2011
Author: 
Page, F. & Feenstra, F.
Publisher: 
Melbourne: The One Hundred Percent Project
Pages: 
23
Type: 
Primary Research
Area of focus: 
Flexible Working

This study, conducted by an Australian not-for-profit organisation, surveyed Australian workers on their beliefs and priorities regarding work-life balance. The authors argue that focusing discussion of flexible working arrangements solely on women characterises women's careers and leadership as problematic. Few differences were found between men's and women's responses in the survey.

A majority of men state that they expect to devote time to raising children, and are willing to make sacrifices to achieve this. Men expressed higher levels of commitment to parenting than to their careers, were more likely to be satisfied with their lives if satisfied with their contribution to family, and were more engaged working for organisations which offered options for achieving work-life balance. However, significantly fewer men have requested these options than women, with the most commonly cited reason being concern over negative career effects.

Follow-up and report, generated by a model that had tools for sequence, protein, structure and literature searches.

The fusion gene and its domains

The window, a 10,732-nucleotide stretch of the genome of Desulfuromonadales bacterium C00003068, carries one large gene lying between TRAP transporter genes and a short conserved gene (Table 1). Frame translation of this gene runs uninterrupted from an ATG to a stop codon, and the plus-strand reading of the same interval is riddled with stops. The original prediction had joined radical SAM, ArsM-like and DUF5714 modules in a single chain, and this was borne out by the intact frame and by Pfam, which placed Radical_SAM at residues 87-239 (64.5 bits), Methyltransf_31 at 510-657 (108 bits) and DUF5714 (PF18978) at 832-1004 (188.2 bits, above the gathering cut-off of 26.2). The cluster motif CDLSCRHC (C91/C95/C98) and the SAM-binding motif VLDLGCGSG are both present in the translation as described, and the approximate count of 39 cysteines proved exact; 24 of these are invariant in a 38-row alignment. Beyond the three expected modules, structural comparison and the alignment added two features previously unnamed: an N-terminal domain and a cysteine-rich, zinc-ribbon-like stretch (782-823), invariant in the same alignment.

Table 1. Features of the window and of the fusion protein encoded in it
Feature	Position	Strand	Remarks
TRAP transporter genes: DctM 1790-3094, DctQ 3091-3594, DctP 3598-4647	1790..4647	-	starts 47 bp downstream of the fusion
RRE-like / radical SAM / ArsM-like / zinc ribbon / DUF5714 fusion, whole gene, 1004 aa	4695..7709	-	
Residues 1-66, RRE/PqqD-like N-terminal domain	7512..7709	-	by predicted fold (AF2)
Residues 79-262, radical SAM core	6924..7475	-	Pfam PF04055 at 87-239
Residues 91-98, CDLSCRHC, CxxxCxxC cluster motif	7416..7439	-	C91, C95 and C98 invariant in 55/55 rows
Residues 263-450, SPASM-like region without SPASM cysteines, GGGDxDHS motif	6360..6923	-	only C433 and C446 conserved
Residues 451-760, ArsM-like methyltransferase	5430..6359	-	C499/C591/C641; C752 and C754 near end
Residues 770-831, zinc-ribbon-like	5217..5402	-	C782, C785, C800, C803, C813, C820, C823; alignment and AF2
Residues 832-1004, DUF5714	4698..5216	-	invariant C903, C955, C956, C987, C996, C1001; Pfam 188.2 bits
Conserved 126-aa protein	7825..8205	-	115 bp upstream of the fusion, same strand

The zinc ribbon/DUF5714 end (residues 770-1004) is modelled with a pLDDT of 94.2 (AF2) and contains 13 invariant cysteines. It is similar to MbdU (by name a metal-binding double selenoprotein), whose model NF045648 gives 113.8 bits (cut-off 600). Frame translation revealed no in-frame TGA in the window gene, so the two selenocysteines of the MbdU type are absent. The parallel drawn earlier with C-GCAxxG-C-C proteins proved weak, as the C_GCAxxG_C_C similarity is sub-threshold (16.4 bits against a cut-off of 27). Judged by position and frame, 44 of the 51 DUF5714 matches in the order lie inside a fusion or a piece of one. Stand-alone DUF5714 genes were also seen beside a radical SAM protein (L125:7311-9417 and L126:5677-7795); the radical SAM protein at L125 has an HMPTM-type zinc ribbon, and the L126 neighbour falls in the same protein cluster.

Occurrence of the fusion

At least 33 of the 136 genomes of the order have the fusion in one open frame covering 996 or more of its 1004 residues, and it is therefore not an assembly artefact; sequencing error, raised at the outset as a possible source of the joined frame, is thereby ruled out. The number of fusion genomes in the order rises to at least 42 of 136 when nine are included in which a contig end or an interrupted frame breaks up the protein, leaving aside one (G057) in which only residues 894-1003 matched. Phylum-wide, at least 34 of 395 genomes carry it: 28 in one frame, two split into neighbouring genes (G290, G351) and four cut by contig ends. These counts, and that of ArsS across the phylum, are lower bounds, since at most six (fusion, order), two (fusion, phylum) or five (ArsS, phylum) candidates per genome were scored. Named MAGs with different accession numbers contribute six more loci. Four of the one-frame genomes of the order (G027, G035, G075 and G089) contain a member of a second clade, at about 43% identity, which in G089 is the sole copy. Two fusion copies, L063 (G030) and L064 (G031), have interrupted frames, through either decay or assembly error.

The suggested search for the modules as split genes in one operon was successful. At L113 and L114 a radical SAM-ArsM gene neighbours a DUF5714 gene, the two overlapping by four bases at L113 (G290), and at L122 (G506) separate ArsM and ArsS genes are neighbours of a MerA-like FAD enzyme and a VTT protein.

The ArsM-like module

Despite both genders valuing their careers equally, this reticence in opting for flexible work arrangements means more women leave the workforce or work part-time to meet the workload demands of raising children.